The seeds of the Dalton Diary
Every story has an origin story. A seed that creates THE story. This can be anything. For me, it was a childhood where I had to find my own fun. I had friends who would go to the same heights. Our creativity was unhinged. You read that right. I laugh now as I wonder what our parents' thought. Does it matter? A seed that began to bloom into the Jamie Poole books began with this moment.
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Dalton's diary is his confession.
And now for my confession.
Doyle Dalton’s diary has been central to the story from its first mention in Tome of Tubal-Cain. Since then it’s been quoted in virtually every book as Jamie and others have obsessed over it. But parts of Doyle’s story have existed for decades before this series existed. Perhaps the story has always been part of me.
What was the inspiration behind Dalton’s diary? (Besides all the obvious research.) This book was written during the COVID-19 pandemic in 2020. While we were ordered to shelter in place in the early days, I researched a pandemic from another century: The Spanish flu. But really, where did the inspiration come from, if not research? I won’t belittle the research. I spent weeks reading book after book and watching documentaries. I drew maps and reviewed old photos.
However, decades before any of this, there existed Margaret Poindexter and Mo Polly. These figures might be utterly fictional, but they lived boldly. Margaret Poindexter was a Victorian explorer who lived bigger-than-life experiences as she traversed jungles in faraway lands. Mo Polly was one of the indigenous persons she met in her journeys. No photographs of either remain. What we know comes from a series of letters exchanged over a summer as one hunted the other across the globe. It’s unclear why they pursued each other in some tormented game of cat and mouse. It’s also unclear if one sought to harm the other, or if it was merely an elaborate lark. Poindexter appeared to be a woman of means. Mo Polly also indicated that money proved no obstacle as she sought her nemesis. And so the pursuit continued zealously.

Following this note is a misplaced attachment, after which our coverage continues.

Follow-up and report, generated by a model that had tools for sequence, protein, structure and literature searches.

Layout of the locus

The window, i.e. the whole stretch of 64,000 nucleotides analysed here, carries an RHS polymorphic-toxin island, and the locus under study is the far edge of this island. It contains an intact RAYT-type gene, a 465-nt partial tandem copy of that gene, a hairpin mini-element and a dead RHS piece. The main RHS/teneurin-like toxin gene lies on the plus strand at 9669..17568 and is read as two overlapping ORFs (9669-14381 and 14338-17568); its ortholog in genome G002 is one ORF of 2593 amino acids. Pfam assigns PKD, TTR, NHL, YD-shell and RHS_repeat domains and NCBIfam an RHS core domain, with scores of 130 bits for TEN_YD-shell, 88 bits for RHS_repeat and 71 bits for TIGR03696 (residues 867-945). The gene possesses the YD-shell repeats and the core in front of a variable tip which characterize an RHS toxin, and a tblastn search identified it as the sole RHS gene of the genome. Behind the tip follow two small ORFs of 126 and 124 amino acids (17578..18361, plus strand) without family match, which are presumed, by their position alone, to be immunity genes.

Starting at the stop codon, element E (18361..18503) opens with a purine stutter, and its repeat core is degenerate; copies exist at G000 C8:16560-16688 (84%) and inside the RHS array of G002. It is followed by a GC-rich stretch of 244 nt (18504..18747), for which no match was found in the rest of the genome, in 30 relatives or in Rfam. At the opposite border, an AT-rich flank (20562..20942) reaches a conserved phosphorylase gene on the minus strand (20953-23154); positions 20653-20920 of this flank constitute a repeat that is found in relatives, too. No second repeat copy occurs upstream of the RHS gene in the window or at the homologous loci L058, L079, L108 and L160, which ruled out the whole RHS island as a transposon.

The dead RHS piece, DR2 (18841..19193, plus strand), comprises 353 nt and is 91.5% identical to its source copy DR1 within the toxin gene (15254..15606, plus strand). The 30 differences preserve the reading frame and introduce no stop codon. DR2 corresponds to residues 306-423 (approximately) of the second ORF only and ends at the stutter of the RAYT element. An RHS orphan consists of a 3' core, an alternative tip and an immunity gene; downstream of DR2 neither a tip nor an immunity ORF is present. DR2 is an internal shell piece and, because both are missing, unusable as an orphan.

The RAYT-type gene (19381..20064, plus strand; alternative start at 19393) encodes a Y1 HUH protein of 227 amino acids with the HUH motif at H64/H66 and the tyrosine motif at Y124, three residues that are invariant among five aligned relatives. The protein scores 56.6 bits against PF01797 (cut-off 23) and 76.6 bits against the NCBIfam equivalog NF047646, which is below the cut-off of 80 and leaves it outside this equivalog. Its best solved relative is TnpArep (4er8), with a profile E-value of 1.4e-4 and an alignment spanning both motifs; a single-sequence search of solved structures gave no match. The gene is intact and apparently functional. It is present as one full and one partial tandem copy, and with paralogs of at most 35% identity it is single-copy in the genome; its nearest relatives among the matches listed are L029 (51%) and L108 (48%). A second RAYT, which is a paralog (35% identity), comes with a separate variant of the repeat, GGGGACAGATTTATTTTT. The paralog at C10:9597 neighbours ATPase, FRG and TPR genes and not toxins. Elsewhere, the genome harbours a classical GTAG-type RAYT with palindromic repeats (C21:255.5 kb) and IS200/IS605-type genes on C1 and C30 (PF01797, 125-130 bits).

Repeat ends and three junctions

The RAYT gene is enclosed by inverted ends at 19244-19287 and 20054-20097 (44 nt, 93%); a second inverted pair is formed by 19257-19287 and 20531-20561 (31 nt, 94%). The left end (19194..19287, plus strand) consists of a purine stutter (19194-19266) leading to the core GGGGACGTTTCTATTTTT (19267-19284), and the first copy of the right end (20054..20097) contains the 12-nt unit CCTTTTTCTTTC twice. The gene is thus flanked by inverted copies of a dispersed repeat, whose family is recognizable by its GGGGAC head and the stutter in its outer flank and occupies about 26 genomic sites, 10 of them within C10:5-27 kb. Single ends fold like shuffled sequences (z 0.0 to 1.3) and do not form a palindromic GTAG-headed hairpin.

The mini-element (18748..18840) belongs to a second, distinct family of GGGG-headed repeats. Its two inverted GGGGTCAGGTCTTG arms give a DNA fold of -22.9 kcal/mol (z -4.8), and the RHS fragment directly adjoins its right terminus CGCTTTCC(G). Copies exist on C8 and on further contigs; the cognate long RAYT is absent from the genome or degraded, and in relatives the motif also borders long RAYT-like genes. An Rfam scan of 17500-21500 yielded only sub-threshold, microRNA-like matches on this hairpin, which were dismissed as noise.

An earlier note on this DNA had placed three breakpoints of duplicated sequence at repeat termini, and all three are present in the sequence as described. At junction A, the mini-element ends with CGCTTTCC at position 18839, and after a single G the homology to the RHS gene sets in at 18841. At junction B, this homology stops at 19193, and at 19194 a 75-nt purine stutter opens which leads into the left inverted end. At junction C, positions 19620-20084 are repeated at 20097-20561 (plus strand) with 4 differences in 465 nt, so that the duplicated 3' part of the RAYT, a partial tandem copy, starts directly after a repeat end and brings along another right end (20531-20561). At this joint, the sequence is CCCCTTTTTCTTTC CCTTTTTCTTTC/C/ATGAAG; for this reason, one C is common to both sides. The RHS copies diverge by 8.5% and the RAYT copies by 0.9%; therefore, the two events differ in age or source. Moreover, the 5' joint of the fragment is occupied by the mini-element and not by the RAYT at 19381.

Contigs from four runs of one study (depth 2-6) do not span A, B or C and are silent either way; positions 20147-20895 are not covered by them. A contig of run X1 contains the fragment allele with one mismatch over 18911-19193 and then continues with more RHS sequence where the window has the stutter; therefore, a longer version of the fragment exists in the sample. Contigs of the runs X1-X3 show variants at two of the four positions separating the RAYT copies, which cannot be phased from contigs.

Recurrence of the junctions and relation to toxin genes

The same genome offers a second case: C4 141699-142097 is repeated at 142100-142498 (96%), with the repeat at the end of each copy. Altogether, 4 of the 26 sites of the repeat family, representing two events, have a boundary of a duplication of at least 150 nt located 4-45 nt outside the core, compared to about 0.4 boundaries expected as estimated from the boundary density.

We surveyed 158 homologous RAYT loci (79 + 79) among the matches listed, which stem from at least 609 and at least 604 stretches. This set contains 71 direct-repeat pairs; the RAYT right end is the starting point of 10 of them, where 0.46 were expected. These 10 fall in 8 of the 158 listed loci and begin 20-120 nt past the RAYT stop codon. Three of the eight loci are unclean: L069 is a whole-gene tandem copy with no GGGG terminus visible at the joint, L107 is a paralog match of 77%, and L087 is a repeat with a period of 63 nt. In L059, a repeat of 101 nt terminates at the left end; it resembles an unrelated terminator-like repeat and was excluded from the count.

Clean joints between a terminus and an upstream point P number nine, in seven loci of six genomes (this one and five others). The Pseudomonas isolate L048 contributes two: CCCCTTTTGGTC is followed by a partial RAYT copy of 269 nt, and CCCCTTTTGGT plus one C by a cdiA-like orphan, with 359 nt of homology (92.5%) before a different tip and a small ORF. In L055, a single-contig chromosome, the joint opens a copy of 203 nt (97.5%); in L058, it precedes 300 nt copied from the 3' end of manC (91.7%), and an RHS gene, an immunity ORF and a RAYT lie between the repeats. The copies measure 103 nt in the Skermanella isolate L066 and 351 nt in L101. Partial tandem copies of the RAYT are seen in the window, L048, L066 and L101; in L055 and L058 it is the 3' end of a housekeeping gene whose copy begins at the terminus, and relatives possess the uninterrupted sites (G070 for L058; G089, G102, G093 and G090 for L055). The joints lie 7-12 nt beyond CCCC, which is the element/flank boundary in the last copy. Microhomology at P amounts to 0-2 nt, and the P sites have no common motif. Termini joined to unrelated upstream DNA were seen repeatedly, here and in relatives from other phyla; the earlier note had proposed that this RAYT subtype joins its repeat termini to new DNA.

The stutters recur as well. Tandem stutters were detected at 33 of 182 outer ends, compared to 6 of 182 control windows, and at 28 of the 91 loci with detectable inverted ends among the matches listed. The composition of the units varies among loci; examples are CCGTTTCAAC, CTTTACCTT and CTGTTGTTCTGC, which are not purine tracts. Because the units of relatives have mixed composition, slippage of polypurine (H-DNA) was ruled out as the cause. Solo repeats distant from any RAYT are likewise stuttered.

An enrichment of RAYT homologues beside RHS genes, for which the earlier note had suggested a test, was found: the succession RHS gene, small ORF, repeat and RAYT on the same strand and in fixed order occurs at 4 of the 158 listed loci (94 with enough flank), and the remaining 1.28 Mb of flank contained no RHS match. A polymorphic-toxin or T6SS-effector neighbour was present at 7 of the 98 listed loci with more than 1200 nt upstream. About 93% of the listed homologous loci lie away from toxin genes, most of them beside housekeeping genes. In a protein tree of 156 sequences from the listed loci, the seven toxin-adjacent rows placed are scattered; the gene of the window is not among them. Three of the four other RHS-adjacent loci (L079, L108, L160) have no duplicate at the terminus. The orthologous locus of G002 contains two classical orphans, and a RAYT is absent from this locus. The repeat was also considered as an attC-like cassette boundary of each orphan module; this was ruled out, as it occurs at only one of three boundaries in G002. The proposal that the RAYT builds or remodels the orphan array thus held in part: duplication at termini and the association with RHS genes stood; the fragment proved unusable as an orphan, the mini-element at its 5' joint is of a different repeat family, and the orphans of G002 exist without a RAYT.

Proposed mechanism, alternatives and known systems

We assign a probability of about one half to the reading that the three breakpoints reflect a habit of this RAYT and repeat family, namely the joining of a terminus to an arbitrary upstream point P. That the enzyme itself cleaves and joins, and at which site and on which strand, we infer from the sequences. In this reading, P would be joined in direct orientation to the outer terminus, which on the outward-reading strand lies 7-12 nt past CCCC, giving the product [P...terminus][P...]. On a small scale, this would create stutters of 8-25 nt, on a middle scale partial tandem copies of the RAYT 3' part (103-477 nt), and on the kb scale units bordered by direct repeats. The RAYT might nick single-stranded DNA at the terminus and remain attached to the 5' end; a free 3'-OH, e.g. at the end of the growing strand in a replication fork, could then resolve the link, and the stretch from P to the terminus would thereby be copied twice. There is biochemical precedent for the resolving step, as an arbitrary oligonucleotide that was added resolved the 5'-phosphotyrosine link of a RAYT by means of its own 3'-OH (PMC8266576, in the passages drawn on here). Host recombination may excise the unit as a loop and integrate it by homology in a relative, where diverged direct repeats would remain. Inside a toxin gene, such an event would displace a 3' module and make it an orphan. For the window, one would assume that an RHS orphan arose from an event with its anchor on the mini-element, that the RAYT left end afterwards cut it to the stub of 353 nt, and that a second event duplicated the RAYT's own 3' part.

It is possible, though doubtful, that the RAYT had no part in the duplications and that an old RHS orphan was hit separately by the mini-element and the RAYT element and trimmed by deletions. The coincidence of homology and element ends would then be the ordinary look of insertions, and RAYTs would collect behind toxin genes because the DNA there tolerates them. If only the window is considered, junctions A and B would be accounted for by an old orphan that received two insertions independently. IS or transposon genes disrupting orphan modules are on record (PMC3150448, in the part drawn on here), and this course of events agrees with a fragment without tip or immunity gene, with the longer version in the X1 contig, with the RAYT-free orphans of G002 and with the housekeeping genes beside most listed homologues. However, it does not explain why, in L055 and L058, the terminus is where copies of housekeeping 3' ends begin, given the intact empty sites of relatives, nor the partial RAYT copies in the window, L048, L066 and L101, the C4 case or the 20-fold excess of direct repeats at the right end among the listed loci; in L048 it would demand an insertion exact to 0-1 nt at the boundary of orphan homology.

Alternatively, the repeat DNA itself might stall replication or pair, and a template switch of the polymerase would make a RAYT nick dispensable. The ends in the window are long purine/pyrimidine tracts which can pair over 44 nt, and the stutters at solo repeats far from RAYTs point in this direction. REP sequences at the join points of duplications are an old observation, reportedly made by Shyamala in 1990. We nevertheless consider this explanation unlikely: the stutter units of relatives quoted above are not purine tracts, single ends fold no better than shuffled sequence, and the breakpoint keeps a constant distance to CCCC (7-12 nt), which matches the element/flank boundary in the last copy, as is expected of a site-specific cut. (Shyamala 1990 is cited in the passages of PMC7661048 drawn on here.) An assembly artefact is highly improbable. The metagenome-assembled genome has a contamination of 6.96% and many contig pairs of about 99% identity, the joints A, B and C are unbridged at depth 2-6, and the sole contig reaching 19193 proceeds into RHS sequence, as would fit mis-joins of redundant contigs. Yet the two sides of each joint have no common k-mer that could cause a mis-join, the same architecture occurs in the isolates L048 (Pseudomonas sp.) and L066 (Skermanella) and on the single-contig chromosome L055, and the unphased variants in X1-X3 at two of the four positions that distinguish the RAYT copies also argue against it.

Every novel has an origin story. A seed that creates THE story. This can be anything. For me, it was a childhood where I had to find my own fun. I had friends who would go to the same heights. Our creativity was unhinged. You read that right. I laugh now as I wonder what our parents' thought. Does it matter? A seed that began to bloom into the Jamie Poole books began with this moment. elope had been scorched by fire. As a consequence, the postal service felt inclined to add a note of its own. They apologized profusely to “Mo Polly” and assured her that the postal service took full responsibility for all mail in its care. Little did they know that the flames that attacked that envelope had been inflicted by Poindexter prior to her dropping it in the mail. Had she escaped a burning building only to drop the letter in the closest mailbox? We may never know how the truth of it all.novel
Such grand lives these two heroes must have lived. And yet, what is the real story? Why such an elaborate ruse? At the core, it’s not so different from Doyle Dalton’s. Mo Polly and Margaret Poindexter were creatures born from the imagination of two girls who lived in a small town not unlike Alexandria, Indiana. Like Jamie Poole and like Doyle Dalton, they longed for adventure. And like Doyle Dalton, they created their own. The dangerous jungles they traversed were the streets of Greentown, Indiana, a quick drive north of Alexandria. A seed of their longings found its ways into these pages. When they grew up, they discovered the adventure they had longed for. But what of Doyle Dalton? Will he find adventure? Or is everything a lie as Jamie suspects?
Before I sign off, I must apologize to the US Postal Service for dropping that scorched letter in the mail. I take full responsibility. (At last my conscience is clear!)